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Russia isn’t sending their big guns to Super Series

Team Russia celebrates a goal during the 2012 Subway Super Series

For the past few seasons Team Russia entered the annual Subway Super Series with a mix of players from the Russian major junior hockey league (MHL) and their compatriots representing various CHL teams. Russia’s goal coming into the tournament has been to build a core for the world junior team and take a closer look at CHLers.

This year it’s going to be a little different.

Russia’s top players historically are a rare sight at the Super Series. Former junior superstars like Nikita Filatov, Alexei Cherepanov, Vladimir Tarasenko and Evgeny Kuznetsov never took part in the tournament.

In fact, the only time Russia brought their big guns to Canada was last year when coach Mikhail Varnakov’s roster at the Super Series was an exact match to the one he used at the world juniors. The team was captained by Nail Yakupov, who was tied with Mikhail Naumenkov and Maxim Shalunov for first on Team Russia in points.

However, if in the past Russia was missing a few key players at the Super Series, in 2013 the list is rather long.

Varnakov didn’t call up a number of KHL players who are very likely to make the world junior roster. Here’s the list of those potential players from the KHL:

Goalies

Andrei Vasilevsky (Salavat Yulaev, KHL)
Igor Ustinsky (Stalnye Lisy, MHL)

Defencemen

Andrei Mironov (Dynamo Moscow, KHL)
Gleb Koryagin (Dynamo Moscow, KHL)
Nikita Tryamkin (Avtomobilist, KHL)
Dmitry Yudin (SKA, KHL)
Ilya Lyubushkin (Lokomotiv, KHL)
Valery Vasiliev (Spartak, KHL)
Dmitry Ogurtsov (CSKA, KHL)

Forwards

Anton Slepyshev (Salavat Yulaev, KHL)
Slava Osnovin (Traktor, KHL)
Damir Zhafyarov (Metallurg Novokuznetsk, KHL)
Daniil Zharkov (Torpedo, KHL)
Bogdan Yakimov (Neftekhimik, KHL)
Pavel Buchnevich (Severstal, KHL)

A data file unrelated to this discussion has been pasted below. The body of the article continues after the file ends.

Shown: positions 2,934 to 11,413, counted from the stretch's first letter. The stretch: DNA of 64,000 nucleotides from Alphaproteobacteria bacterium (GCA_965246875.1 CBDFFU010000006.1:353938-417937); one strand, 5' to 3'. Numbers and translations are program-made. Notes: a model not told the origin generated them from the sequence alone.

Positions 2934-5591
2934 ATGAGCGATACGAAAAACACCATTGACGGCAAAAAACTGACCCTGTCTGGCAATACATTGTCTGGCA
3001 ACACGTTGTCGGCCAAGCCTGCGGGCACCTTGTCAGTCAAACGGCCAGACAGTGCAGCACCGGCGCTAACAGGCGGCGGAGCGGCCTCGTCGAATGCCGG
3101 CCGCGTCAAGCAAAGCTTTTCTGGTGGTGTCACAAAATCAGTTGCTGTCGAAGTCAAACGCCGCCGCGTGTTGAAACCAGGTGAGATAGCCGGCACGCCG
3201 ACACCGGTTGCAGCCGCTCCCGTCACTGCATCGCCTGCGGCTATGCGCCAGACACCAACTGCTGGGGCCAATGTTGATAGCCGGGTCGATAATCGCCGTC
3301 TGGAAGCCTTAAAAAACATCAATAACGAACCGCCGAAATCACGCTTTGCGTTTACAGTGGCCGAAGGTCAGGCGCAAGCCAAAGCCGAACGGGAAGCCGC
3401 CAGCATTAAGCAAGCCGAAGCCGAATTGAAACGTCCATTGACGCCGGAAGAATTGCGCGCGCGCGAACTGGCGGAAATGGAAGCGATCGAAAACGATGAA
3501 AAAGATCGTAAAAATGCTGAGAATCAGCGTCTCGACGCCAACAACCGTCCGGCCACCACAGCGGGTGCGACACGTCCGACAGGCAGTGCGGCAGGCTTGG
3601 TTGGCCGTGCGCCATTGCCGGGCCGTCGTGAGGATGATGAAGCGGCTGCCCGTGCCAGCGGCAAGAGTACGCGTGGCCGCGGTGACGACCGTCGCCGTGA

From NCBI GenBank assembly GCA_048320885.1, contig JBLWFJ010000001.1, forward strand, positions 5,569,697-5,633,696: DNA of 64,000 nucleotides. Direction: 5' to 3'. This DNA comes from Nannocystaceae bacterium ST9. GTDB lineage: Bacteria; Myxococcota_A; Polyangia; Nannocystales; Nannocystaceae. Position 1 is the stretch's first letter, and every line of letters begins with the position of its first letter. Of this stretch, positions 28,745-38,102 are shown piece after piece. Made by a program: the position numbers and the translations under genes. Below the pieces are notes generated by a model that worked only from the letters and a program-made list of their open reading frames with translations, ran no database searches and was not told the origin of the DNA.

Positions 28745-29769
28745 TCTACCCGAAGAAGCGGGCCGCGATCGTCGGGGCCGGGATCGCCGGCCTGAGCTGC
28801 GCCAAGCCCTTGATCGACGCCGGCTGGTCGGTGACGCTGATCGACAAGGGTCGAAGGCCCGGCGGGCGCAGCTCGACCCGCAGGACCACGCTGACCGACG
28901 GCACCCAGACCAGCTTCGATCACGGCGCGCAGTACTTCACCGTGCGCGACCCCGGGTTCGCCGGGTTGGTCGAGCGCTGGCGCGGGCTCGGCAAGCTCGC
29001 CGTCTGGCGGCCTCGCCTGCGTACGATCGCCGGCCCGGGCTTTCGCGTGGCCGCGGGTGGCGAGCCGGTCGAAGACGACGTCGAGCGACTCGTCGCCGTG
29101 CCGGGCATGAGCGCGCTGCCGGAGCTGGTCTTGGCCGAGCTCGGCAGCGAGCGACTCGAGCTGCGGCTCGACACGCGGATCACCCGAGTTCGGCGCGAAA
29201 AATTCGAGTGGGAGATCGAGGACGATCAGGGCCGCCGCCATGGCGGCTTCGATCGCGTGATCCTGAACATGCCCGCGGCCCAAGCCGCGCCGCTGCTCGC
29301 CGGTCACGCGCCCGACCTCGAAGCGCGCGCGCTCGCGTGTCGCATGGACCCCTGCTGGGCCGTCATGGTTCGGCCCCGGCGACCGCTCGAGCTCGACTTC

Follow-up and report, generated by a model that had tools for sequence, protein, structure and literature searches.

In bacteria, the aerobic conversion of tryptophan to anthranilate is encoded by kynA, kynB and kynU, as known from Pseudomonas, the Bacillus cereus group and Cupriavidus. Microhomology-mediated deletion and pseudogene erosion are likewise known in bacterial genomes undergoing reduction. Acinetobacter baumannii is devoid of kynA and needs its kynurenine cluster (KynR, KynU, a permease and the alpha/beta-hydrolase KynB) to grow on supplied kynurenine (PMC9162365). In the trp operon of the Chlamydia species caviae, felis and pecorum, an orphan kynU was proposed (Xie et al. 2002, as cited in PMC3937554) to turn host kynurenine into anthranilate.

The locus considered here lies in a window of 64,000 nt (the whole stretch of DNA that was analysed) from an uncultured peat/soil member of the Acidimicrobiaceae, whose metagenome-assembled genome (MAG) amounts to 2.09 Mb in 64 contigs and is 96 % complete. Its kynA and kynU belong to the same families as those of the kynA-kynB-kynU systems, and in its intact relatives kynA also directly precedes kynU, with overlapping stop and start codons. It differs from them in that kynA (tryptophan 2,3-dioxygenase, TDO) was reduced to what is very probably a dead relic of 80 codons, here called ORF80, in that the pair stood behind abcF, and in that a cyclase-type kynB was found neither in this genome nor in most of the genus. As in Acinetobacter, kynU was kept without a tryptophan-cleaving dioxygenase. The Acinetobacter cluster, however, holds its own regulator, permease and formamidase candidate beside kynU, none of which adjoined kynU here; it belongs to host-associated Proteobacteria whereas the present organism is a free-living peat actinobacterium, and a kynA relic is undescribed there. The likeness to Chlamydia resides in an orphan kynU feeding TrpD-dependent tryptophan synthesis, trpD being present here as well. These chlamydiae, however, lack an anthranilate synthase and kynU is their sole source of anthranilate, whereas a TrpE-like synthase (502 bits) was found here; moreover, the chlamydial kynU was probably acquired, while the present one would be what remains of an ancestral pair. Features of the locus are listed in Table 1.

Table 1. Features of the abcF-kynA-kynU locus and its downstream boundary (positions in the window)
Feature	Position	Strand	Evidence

Vadim Khlopotov (Lokomotiv, KHL)

Team Russia will also be without three potential NHL players – Nikita Zadorov (Buffalo Sabres), Mikhail Grigorenko (Buffalo Sabres) and Valeri Nichushkin (Dallas Stars).

Russia called up nine players from the CHL this year, including Nikita Scherbak of the Saskatoon Blades. He was under everyone’s radar up until his departure to Canada where he’s scored 12 goals and 30 points in 21 games in the WHL. The tournament will be his one and only shot to convince Varnakov he’s world junior material.

Among players representing Russian clubs, Vladimir Tkachyov is the one who really stands out. An undersized (5’8, 138 pounds) forward, he has great acceleration and is very elusive with the puck.

Highly skilled he’s got a knack for generating scoring opportunities. At the most recent under-18 world championship in Sochi, Russia he scored five goals and had six assists for 11 points in seven games.

He led the tournament in assists and was drafted by the Moncton Wildcats this past summer 39th overall at the import draft. Nevertheless, he decided to stay with his hometown team Avangard Omsk. In 12 games with their junior team he scored six goals and 13 points.

Starting goalie for Team Russia is expected to be Igor Shesterkin who represents Spartak Moscow’s junior team. He was a starting goalie for the Russian team at the U18’s in Sochi and is having a tremendous season in the MHL so far. With a 1.07 GAA, four shutouts and .957 save percentage in 12 games, he’s one of the top goalies in the league.

The only Super Series returnee on Team Russia this year is defenceman Pavel Koledov, who plays for Lokomotiv’s junior team. The Novosibirsk native cracked Russia’s lineup at the 2013 World Juniors in Ufa, Russia and won a bronze medal. He has some pro experience as well as he played 35 games last season on Lokomotiv-2 – Lokomotiv’s farm club in the VHL. This season he played 20 games in the MHL scoring two goals and six assists for eight points with a plus/minus of plus-10.

It isn’t very plausible that Russia’s roster at the world junior championship in Malmo, Sweden will include many of the players we’re going to see at the Super Series but there’s a flipside: The higher the level of competition, the higher the motivation.

As if Russian teams ever need extra motivation when they lace’em up against Canadian teams.

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Cam Charron, Kelly Friesen